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Assess the claim that the relationship between Elizabeth I and her Parliament was normally one of co-operation rather than conflict.

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Assess the claim that the relationship between Elizabeth I and her Parliament was normally one of co-operation rather than conflict Elizabeth I came to power in 1558 and it is safe to say that she was taking over a country in turmoil. Mary's reign had left the country with severe problems and it was Elizabeth's duty as monarch and strong patriot to stabilise her beloved England. Without doubt, Elizabeth's reign certainly in the early years had achieved much. This was never questioned, what has been questioned and closely scrutinised by historians ever since is Elizabeth's relationship with her parliament, and whether or not it was one of co-operation or conflict. Once Elizabeth had assumed power she took a rather different approach to rule than many of here predecessors. Elizabeth was a great moderate as regards religion, war and politics and rather than uproot and change her council and parliament members, Elizabeth retained those who had served under Mary. This is in itself posed one major problem for Elizabeth, without bringing in fervent supporters; she had limited the control she had over parliament. ...read more.


Neale highlights events such as the parliament session in 1566 when the commons delayed funding the Queen until she had satisfied their grievances. Perhaps the most prominent aggressors of the choir were the notorious Wentworth brothers; Peter and Paul. Peter Wentworth single handedly attacked the Queen for poor policy making, forwarded proposals for a more puritan English church and claimed that Parliament should have the right to discuss whatever it wished. For his actions, he was rewarded with two stays in the tower, the last of which extended to his death. What is clear however is that the incidents Neale highlights were nothing short of outright conflict between the Queen and her Parliament. There were throughout Elizabeth's reign a number of issues over which she and Parliament disagreed. Elizabeth's marriage was often a sore point between the two and this was not a hidden fact. Many times Parliament discussed her marriage, particularly after the almost life threatening disease that she contracted. These unwanted intrusions by Parliament provoked Elizabeth into rousing speeches about their willingness to confront her authority. In 1566 in response to a parliamentary delegation on her marriage, Elizabeth said, "Was I not born in the realm? ...read more.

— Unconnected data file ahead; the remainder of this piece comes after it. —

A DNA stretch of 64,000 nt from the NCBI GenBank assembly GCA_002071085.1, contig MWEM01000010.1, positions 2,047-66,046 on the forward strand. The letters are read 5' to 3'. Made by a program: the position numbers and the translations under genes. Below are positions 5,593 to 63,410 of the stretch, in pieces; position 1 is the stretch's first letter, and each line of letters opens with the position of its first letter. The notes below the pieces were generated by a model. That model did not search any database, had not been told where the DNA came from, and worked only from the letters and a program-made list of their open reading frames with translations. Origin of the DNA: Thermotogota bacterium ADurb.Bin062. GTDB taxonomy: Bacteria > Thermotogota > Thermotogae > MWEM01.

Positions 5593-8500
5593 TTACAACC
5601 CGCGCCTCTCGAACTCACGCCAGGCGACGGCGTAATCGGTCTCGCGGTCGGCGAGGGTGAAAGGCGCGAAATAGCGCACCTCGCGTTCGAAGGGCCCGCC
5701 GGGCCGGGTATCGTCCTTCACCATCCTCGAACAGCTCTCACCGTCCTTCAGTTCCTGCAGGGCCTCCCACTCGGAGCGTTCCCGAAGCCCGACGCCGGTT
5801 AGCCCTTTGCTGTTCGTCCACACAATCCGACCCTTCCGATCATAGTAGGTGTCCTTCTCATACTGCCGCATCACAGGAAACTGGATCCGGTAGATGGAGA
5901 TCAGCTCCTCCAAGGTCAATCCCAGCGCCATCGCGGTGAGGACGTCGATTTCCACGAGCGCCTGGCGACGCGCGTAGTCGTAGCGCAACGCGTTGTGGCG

Never before had MP's showed opposition in the face of divine monarchy. These individuals were perhaps just testing how much they could flex their proverbial muscles as it were, just seeing how far they could push things. Their actions may have been individually selfish, but could be argued to be the catalyst and original actions that would, during the 17th century, lead to civil war. In the end though, these men were MP's. They lived privileged lives in comfortable surroundings but obviously because of their position as MP's had more say in what happened in England than many other inhabitants of the country did. Elizabeth however was still the Queen of England. This was a case of MP's opposing the Queen on issues they disagreed with, but in the end conforming to a monarch's wishes. These pioneers of liberalism talked the talk but when it came to the crunch, there could only be one victor, and that was the woman who had been chosen by God. Therefore it has to be said that although there were those who opposed Elizabeth in conflict on some points, the majority of MP's however respected their Queen and on the whole co-operated with her. ...read more.

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